2. It couldn’t be easier to choose a Malaysian or Indonesian restaurant in Chicago. As far as I know there’s only one of each.

      I’ve had some good stuff at Penang as well as some not so good. Wish I could remember what was what. Yeah, it’s a chain (not just NY); I only wish all chain restaurants were this interesting.

      August Moon, an odd little Chinese-Indonesian place, has been around forever. I went ages ago and wasn’t very impressed but I’d love to hear of more recent experiences. 225 W 26th, 312-842-2951.

      1. Dawn,

        As Rene said, it's easy to pick a Malaysian place in Chicago, you have a choice of one. Luckily it is an excellent choice.

        Penang has been extensively reviewed in the past on the newsgroup chi.eats, the first, and best, review was by a poster named Trillium. I will post her review below and also provide a link to a Penang post of mine on chi.eats.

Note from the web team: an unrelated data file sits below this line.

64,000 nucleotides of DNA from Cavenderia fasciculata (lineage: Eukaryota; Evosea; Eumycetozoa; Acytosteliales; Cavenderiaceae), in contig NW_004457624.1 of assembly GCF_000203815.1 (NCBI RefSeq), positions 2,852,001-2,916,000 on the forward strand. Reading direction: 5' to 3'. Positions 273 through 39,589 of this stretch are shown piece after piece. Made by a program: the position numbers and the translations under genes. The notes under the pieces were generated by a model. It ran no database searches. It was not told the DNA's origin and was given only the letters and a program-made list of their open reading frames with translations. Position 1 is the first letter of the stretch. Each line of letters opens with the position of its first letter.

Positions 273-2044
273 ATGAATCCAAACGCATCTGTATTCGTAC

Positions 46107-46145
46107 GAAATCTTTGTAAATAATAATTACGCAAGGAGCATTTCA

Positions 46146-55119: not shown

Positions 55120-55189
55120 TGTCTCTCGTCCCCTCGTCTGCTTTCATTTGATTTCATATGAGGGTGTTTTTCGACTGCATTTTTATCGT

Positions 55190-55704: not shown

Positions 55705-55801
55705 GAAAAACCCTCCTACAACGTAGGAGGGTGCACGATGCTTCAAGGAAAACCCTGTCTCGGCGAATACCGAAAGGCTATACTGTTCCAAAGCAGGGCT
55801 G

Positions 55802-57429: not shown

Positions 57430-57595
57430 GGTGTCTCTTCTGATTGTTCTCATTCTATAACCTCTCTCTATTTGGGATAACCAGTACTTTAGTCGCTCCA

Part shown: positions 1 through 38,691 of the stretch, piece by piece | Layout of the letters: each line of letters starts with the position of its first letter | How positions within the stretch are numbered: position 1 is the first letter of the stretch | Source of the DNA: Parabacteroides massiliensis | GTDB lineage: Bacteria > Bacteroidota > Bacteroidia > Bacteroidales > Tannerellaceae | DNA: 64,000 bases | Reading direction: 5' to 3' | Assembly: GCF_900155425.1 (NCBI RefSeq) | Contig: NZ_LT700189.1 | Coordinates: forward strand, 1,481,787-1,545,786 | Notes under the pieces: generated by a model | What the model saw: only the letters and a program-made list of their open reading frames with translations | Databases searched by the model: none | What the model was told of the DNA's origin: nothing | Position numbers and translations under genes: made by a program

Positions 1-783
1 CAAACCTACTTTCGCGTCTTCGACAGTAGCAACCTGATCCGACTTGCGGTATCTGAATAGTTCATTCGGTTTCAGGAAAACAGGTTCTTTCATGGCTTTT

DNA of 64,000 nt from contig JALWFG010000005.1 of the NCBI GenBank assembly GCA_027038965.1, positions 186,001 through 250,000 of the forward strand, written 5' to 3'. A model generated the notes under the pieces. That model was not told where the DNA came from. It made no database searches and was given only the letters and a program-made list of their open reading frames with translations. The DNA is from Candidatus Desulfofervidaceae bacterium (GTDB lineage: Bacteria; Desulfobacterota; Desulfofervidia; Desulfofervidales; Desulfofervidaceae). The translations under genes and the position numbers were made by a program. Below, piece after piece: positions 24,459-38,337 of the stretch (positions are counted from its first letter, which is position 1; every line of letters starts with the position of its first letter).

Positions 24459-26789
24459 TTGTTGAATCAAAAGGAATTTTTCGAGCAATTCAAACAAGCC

Trillium’s review was written in 1998, Penang now accepts credit cards and has liquor available.

        On another note, Seth, did you ever make it to August Moon?


        Penang, a new Malaysian restaurant
        Date: 1998/10/05

        I remember someone asking about Malaysian restaurants in Chicago.

        Penang opened October 3, located on Cermack right across from the big Three Happiness. Funnily, they also have a sushi bar and Japanese food on a separate menu, but we all ignored it. They are a small US chain and have restaurants in NY, NJ and GA.